Harry Burke spent most of his upbringing like many Westport youth, playing traditional sports like basketball, soccer and lacrosse. One fall arrived at age 14, and Burke looked to get into shape for the upcoming basketball team. Burke considered running like most students, but a friend suggested that he picked up rowing, an activity he had no previous interaction with.

It turned out to be a decision that would be life-altering.

Less than two years after picking up the sport Burke was named to the U.S. Junior National Team and will compete at 2016 World Rowing Junior Championships, which takes place from August 21-28 month in Rotterdam, The Netherlands.

Burke, along with sisters Grace and Kelsey McGinley will represent Westport at the showcase event for the top youth rowers from across the globe. Forty-six Americans were selected to go to the completion, which will feature men’s and women’s four, men’s and women’s quadruple sculls, men’s and women’s eight and men’s four with coxswain lineups.

Burke was at another developmental camp when he got the call to the main roster.

“I think still it hasn’t really hit me,” Burke said. “A coach said they were sending four kids up to selection camp; when I heard that I started laughing I couldn’t believe it.”

All three have trained at Saugatuck Rowing Club since starting high school, with the McGinleys beginning their quest in middle school in recreational boats. For Burke, it was a passion that arrived after slowly adjusting to life in the water.

“To be honest when I started I wasn’t a huge fan it; I didn’t really get it,” Burke said. “I just kept showing up and I started to see myself make quantifiable progress, and the quality of the rowing got better. I was able really appreciate it.”

The hobby quickly became a serious commitment for Burke. He was off to Portland, Oregon immediately after school finished to participate in a developmental camp, and won't return to town until the first day of school at Staples.

Grace began in sixth grade at the recreational level, and Kelsey—two years younger than her sister--soon followed. Grace was invited to the developmental camp a year ago but didn't make the roster; this season she and Kelsey--who will be one of the younger representatives at 15 years old— both received the positive news.

“I’m excited just to see other teams and be in a different environment,” said Kelsey. “We going to get to learn who the girls who we are going to be racing with for the next few years.”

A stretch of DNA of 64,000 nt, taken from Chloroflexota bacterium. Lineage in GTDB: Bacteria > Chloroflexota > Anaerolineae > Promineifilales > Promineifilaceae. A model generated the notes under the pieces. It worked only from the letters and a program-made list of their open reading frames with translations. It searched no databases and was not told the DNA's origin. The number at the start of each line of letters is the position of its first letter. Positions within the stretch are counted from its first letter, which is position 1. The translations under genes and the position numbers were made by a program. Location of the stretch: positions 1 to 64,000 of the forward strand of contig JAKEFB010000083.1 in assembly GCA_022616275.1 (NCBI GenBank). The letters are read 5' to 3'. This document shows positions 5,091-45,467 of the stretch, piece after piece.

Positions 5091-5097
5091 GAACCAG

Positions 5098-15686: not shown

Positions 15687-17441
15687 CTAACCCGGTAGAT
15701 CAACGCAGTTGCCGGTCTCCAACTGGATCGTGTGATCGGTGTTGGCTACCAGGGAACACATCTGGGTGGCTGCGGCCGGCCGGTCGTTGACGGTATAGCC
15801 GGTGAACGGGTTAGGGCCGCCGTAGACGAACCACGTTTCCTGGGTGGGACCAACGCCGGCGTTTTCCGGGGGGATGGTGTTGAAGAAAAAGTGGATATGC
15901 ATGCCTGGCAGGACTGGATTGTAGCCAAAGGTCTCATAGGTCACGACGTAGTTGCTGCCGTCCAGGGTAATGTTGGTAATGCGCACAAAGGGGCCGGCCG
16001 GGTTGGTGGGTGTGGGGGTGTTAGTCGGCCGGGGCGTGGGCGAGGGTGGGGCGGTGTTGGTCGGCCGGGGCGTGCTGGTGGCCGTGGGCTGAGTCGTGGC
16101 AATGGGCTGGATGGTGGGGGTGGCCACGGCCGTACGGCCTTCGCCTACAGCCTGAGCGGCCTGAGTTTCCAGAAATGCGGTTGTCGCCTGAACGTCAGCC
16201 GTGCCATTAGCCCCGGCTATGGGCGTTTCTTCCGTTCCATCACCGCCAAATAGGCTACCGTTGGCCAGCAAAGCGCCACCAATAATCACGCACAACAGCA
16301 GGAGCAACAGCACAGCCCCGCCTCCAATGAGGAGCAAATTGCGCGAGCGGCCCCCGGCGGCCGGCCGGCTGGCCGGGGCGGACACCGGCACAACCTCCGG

The pair have won championships at every level and are coming off an outstanding season at SRC. The pair we both in the eight at the 2016 USRowing Youth National Championships, and each won gold—Grace in the same boat, Kelsey in the youth eight in 2015.

The biggest win came at the 2015 Head of the Charles, the largest rowing event on the planet. Kelsey helped the youth eight set a new course record and Grace helped the junior eight win gold.

Grace will be a senior at Staples this fall and has already begun preparing for the. She said she’s in the process of narrowing down her list and will soon be making official visits. Both are with the rest of the national team at Princeton University preparing for the World Championships.

Often in the same boats, the McGinley’s have an unspoken bond.

“We don’t have talk to each other or look at each other in the boat,” Grace said. “We see it as a business relationship on the water but we are still sisters.”

“We’re more teammates, it’s also great,” Kelsey said. “Both of us love winning a lot; I’d rather have Grace in the boat because she will make it go faster.”

The trio all added that they were fortunate that Saugatuck was in close proximity. The team recently began morning classes to compliment the afternoon schedule at one of the top well-respected rowing clubs in the country.

“I’m excited to get international experience,” said Grace, who was on the selection list a year ago but didn’t qualify. “It’s going to be amazing racing.”

rlacey@bcnnew.com, twitter.com/ryanlacey11